Lyn Smith Manduley Letters
Identifier: Manuscripts-Collection 116
Scope and Contents
1939-1945. Letters of this freelance writer to her parents during her six-year residence in Lima, Peru, with her husband who worked for the Panagra airline. Describes the daily life of Americans in Peru during World War II, trips within Peru and to Bolivia and Chile, earthquakes, highway construction, and archaeological sites. 88 letters; 9 enclosures. The collection consists of handwritten and typed letters that Evelyn Smith Manduley (1906-) sent from Peru to her parents Mr. and Mrs. Frederick S. Smith of Morristown, New Jersey, during a six year period when she lived in Lima with her husband, Manuel Manduley. The letters end abruptly with no exact date of the Manduleys' time of departure from Peru. The materials reflects what life was like for those in the American colony of Lima during and after the war. Evelyn wrote to her family on a weekly basis, but only a fraction of the letters are preserved in this collection. Many of the envelopes bear the marks of the inspections of the United States censors. As the letters begin, in 1939, Evelyn and her new husband have just moved to Peru, and have been already living abroad for several years when the United States enters World War II. Until that time, Evelyn has been strongly opposed to any action that would involve her country (see June 5, 1940). Yet, once war is declared, she gives her full support to the war effort, as a member of the American colony. She works with the American Womens' Unit for War Relief- takes part in numerous war benefits (see June 5, 1942 and February 22, 1945, for example)- entertains American troops and various dignitaries passing through or stationed in Lima, both in her home as well as a facility which would be equivalent to the American USO. Entertaining visiting Americans was always a responsibility for Evelyn. Among Evelyn's guests have been the wife of the American Ambassador to Peru, the American Consul, and even Mr. and Mrs. Herbert Hoover, Jr. (see August 27, 1940). Evelyn duly reports other, more mundane activities such as her experience with the household help. Evelyn also writes of the difficulty in balancing the problems encountered in managing a home in a foreign country with her research, interviewing, reporting, and writing. The cost of living is a constant concern for Evelyn. Although her husband surely must earn an adequate salary, there seems never to be enough money to live at ease. Thus, the price of everything is mentioned in the letters: food, rent, imports, transportation, servants' wages, fabrics, the dressmaker and tailor, the beauty shop, furniture, entertainment, etc. For instance, the cost of a shampoo, finger wave, and manicure is said to be one dollar American or five "soles." The Manduleys make ends meet by renting out their spare room. Shortages seem to be due mostly from the difficulties of transporting goods during war-time. Meat, rice, and coffee are scarce, while such commodities as sugar and gasoline are plentiful. In her letter dated May 11, 1942, Evelyn expresses her concern for the impoverished Peruvian families who will bare the brunt of the shortage and the ensuing rise in food prices. Gardening is a particular interest of Evelyn's. She often writes of the flowers and vegetables she is planting in her roof garden or backyard. Evelyn will occasionally comment on the current developments in Peru. In the letter of October 10, 1944, she gives her opinion of the upcoming presidential election. In the letter of October 12, 1942, she writes of the Peruvian Festival held in Honor of "El Señor de los Milagros," as well as describes the various Independence Day celebrations of July. Evelyn also gives some information on the guano industry in her letter of August 20, 1940. The effects of the earthquake of May 24, 1940, are mentioned by Evelyn in the June letters of that year (unfortunately the two letters written immediately after the quake are missing). Evelyn tends to dismiss the severity of the quake in Lima and the portrayal of it in the New York Times . Evelyn does admit, however, that there is minor damage in the city and quite extensive damage in Callao and Chorillos. The Manduleys make several trips: to Cuba in February of 1940 - to Chile in early 1941 - to archaeological site of Tiahuanaco in Bolivia, which she describes in July of 1941 - and back to Cuba and then to the United States in the fall of 1941. They make several trips around Peru as well. Evelyn describes in detail their trip by car to Ica and Pisco to the south in July of 1942. Evelyn gives a very thorough account of the area and resources of Tingo María in October of that same year. The Manduleys make the excursion is to gather information on the inter-oceanic highway under construction for an upcoming article. Another interesting trip is made to Satipo on the eastern slopes of the Andes in July of 1944 (including comments on the Indians and the scenery). The family affairs of Evelyn's parents and brothers are a predominant topic in her letters. Evelyn's concern for her family is evident. Her parents, who own numerous pieces of real estate, have fallen on hard times and suffer from a variety of health problems. Evelyn sends home all the money she can, garnered from her writing assignments, to help them pay their taxes and avoid foreclosure. She offers advice and moral support throughout the correspondence as well. Out of her desire not to upset her parents, Evelyn leaves out any mention to the problems Manuel experiences with Panagra in 1942, until he has resigned and accepted another position. Surprisingly, but somewhat understandably, Evelyn does not mention in any of the letters that she is expecting a baby until after the birth of her son Carlos in 1943. Thereafter, he is a frequent subject of the letters. Among enclosures found in the letters are a few clippings and two small black and white snapshots of the Manduleys' house and of their favorite beach. Evelyn also sends a sample of a coffee blossom and some tea leaves from Tingo María. These are retained with the letters, as are the original envelopes.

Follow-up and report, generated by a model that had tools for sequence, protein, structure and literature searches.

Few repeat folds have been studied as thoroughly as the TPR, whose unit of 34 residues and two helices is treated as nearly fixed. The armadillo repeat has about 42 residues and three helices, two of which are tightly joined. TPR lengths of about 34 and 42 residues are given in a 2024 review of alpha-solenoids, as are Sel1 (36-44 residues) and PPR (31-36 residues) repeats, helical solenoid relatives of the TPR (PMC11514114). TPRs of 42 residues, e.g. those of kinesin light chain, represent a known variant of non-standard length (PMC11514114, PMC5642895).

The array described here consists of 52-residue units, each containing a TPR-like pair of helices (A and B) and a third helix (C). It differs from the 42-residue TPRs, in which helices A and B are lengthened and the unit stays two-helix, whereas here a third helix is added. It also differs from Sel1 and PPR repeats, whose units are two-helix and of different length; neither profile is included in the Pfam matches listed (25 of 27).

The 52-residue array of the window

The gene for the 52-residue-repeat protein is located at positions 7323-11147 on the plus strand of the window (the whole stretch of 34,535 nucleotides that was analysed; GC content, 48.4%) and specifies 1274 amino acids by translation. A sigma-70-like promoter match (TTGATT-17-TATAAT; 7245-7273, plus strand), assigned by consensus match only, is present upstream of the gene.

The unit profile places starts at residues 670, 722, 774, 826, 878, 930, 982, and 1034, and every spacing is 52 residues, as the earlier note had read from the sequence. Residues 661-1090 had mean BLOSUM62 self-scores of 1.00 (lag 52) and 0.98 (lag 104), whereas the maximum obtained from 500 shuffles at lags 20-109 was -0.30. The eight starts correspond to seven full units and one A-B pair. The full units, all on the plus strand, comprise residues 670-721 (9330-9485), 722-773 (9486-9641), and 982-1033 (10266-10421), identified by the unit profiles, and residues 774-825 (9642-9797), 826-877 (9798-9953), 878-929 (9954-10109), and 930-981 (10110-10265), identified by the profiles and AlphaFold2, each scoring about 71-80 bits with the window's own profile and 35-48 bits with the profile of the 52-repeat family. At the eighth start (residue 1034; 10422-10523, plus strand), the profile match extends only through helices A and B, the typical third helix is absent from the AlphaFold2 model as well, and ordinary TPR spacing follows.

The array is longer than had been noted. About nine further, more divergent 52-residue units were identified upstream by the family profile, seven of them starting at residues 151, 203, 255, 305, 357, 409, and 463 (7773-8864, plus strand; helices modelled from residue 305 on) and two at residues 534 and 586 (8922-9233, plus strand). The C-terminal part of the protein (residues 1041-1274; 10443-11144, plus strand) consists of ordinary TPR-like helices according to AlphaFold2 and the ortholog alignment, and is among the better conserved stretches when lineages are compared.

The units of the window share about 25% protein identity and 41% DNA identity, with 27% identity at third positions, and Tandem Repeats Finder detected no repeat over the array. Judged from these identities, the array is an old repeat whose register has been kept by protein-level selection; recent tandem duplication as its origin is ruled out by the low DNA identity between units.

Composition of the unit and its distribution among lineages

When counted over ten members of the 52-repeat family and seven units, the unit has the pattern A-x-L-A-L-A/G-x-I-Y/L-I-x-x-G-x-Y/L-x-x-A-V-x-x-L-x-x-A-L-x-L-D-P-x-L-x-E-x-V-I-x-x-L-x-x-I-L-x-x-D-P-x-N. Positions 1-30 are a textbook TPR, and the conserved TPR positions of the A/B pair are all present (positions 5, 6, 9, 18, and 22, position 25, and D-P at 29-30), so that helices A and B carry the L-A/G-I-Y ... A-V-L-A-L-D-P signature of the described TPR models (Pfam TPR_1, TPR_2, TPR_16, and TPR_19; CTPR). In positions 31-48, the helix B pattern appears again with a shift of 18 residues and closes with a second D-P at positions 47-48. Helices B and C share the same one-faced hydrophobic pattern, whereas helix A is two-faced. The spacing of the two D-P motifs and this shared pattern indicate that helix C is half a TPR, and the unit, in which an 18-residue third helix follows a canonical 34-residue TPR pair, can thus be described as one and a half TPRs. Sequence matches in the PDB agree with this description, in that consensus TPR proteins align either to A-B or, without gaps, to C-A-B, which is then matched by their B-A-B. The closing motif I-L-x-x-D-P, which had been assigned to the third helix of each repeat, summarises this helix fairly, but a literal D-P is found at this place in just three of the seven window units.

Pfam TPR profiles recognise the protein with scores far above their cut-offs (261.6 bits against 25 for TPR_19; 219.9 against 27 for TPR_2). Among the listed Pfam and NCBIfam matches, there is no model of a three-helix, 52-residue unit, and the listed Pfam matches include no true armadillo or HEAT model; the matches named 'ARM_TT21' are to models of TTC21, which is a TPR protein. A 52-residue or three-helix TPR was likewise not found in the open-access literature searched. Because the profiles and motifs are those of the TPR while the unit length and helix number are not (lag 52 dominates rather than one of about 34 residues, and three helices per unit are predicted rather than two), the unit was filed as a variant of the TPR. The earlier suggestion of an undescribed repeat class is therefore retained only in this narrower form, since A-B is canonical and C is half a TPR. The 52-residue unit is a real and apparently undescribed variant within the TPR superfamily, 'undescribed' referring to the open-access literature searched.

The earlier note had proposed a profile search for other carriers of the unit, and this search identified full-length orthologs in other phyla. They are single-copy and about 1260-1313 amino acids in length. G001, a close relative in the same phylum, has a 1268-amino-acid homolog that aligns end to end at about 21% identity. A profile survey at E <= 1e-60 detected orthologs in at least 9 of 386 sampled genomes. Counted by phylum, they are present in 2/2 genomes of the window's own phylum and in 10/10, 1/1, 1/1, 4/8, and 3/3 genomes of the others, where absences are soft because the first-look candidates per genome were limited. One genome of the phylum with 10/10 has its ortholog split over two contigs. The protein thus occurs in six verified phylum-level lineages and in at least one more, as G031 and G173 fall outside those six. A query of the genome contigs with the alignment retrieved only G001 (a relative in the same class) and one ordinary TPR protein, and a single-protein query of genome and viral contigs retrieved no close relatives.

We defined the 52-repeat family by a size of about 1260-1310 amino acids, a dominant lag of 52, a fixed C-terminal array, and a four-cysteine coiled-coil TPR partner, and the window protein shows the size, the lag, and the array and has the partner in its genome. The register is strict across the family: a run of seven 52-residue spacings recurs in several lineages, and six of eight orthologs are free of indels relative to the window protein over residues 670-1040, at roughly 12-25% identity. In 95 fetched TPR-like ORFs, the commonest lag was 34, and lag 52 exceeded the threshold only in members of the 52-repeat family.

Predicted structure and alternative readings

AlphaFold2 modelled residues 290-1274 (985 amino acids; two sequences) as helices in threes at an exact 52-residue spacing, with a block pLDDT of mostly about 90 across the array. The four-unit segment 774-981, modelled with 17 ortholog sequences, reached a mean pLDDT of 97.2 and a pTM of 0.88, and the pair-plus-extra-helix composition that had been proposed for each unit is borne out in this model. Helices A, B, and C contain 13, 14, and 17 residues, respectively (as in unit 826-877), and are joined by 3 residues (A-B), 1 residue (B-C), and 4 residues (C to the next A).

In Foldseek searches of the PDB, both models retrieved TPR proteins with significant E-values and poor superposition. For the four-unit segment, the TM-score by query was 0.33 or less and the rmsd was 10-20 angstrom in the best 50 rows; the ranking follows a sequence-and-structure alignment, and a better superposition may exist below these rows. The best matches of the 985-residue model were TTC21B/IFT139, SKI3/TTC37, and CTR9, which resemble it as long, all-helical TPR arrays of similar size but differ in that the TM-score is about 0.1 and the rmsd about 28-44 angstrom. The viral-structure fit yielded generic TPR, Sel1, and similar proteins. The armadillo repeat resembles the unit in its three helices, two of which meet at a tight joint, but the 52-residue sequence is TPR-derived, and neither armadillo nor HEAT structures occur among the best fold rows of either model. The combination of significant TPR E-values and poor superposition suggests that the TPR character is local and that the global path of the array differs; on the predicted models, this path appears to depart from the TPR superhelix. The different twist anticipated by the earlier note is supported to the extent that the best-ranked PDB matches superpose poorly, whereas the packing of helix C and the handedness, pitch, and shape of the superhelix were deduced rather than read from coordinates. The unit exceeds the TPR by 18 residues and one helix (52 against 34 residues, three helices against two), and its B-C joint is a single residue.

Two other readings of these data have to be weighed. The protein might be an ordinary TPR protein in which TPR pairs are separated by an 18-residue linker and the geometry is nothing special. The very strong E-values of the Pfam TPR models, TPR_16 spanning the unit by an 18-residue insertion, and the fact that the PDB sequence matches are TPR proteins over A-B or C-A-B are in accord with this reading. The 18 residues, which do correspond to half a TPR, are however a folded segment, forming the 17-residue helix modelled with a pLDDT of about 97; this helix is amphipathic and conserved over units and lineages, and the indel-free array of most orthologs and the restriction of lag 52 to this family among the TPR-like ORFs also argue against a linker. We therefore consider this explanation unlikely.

- Lyn Smith Manduley (Person)
Conditions Governing Access
Open to the public. No known restrictions.
Biographical or Historical Information
A free-lance writer, Evelyn Smith Manduley contributed to such publications as the New York Times , the Baltimore Sun, Life, and the Inter-American Monthly (later named the Inter-American), under the pen name, Lyn Smith Manduley. Her husband, Manuel, was a naturalized United States citizen of Cuban birth who worked first for the Peruvian airline, Panagra, and later for the United States government. He was a writer as well, and occasionally contributed to his wife's articles. Information on the lives and careers of both the Manduleys, along with photographs, appear with the publication of their articles in the journal the Inter-American Monthly. See Vol. I, No. 5, September 1942, Lynn Smith Manduley, "Citadel of Freedom," on San Marcos University: Vol. II, No. 2, February 1943, and Vol. II, No. 4, April 1943, Lyn Smith and Manuel de J. Manduley, "Wings and Wheels for South America," (Parts I and II) on transportation; Vol. III, No. 1, January 1944, and Vol.III, No. 2, February 1944, Lyn Smith and E.H. Clayton, "'EL Rey de los Andes,'" (Parts I and II) on the Faucett airline, and Vol. V, No. 11, November 1946, Lyn Smith Manduley, "The People's Warrior," on Raúl Haya de la Torre.
Note written by
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Language of Materials
- Lyn Smith Manduley Letters
- Manuscript Collection 116, Manuscripts, The Latin American Library, Tulane University
- Ruth Olivera, April 1994; revised by Devin Dittfurth, August 1998